Then, he explained to the citizens that his gift would make them the most important naval power, bringing them glory and victory in wars.

Close-up of the Temple of Hephaestus in Athens, showcasing the Doric columns.

When Athena’s turn came, she hit her spear on a rock, and the first-ever olive tree appeared.

She explained that this evergreen tree was the symbol of peace, glory, and prosperity.

It could provide oil that would feed people, clean, and heal them.

Furthermore, they could use it in oil lamps during the night.

With its hardwood, they could build boats, and it would eventually make them rich through peace.

The final vote was for Athena, the goddess of wisdom, so the city took its name after her.

She always had Athens under her protection, and this legend became the theme of the sculpture on the West pediment of the Parthenon, Athena’s temple!

6. The World’s First Meteorological Station is in Athens!

Athens in 1 Day: Tower of the Winds
You can find the Tower of the Winds inside the Roman Agora.

It is an octagonal marble building, known as the “Tower of the Winds”.

We don’t know the precise date of the tower’s construction, but most scholars suggest the 2nd century BCE.

Each one of the eight sides corresponded to the eight wind deities.

At the top, there was a weather vane, a bronze Triton.

Turning by the wind, it pointed to the section that corresponded to the wind direction.

Moreover, there were nine sundials around it, and there was a hydraulic (water) clock in its interior.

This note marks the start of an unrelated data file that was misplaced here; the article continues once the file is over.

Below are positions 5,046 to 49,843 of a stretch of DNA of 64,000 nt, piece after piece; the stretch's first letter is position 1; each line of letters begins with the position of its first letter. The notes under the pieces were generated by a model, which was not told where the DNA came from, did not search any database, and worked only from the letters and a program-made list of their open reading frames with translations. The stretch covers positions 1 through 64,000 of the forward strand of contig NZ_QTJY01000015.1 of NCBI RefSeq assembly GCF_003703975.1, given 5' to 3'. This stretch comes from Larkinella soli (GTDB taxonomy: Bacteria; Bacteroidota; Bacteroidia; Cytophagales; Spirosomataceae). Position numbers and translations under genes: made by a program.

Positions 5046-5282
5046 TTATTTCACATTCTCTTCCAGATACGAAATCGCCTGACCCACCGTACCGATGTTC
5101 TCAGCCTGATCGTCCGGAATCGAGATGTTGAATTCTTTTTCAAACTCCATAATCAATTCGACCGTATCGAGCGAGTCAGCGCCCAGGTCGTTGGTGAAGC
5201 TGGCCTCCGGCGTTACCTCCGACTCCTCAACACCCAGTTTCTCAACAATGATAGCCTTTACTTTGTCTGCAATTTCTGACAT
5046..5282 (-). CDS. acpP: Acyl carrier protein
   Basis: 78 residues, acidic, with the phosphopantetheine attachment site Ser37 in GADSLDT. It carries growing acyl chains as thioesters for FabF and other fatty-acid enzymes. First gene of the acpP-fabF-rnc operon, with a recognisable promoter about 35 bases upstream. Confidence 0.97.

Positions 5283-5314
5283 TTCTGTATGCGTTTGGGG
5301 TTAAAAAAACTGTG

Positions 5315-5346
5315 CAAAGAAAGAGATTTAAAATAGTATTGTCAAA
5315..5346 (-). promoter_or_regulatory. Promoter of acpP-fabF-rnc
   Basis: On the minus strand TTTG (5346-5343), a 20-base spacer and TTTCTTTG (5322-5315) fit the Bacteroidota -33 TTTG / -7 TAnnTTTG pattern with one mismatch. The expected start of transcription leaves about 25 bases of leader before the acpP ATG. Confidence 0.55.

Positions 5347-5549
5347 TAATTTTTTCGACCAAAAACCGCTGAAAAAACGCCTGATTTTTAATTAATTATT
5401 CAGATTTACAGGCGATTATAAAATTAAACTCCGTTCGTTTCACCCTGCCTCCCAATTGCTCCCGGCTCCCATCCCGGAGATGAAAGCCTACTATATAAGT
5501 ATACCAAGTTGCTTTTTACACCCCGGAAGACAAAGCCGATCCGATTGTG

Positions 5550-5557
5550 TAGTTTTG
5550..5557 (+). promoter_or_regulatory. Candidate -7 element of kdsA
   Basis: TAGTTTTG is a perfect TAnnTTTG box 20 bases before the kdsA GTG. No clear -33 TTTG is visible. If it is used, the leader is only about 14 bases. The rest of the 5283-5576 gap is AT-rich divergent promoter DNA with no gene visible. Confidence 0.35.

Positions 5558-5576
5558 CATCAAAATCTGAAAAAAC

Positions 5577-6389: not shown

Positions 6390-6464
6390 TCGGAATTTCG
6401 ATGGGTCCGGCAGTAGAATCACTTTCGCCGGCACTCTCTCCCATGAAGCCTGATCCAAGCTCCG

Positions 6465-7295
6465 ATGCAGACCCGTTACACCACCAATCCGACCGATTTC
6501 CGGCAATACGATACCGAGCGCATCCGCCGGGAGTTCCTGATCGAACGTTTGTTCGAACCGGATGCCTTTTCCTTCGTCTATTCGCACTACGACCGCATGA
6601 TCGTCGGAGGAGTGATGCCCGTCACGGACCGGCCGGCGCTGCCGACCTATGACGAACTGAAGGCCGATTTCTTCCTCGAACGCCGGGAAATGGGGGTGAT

It was there to indicate the time at night and on days with not enough sunlight.

7. The Word Idiot has its Roots in Ancient Athens!

The Stoa of Attalos in the Ancient Agora of Athens, lined with marble statues and lot of visitors.

The interest of Greeks in politics and public affairs goes back to the Classical period and the Athenian democracy.

In ancient Athens, citizens – free, native, adult, and male – had many opportunities to vote, make decisions, and elect the people to represent them.

They were aware of all the aspects of the political life of their city and valued civic participation.

At the same time, they were criticizing non-participants by calling them “ιδιώτες” (idiotes).

Athenians used the word to describe those who were only preoccupied with their selfish interests, almost exclusively with themselves, instead of public affairs.

They saw them as having poor judgment and education, and this meaning has traveled through time to our days.

In modern use, an idiot is foolish, but the word originally meant someone ignorant with poor judgment.

8. Open Air Cinemas since 1904!

Facts about Athens: open air cinema
Facts about Athens: you can still enjoy a movie under the stars in outdoor cinemas.

The first places in Athens that featured a purely cinematic spectacle were the Athenian squares.

In 1904, the first systematic screenings began in the cafes of Syntagma Square and Zappeion.

After all, these two spaces gathered most of the people of the capital.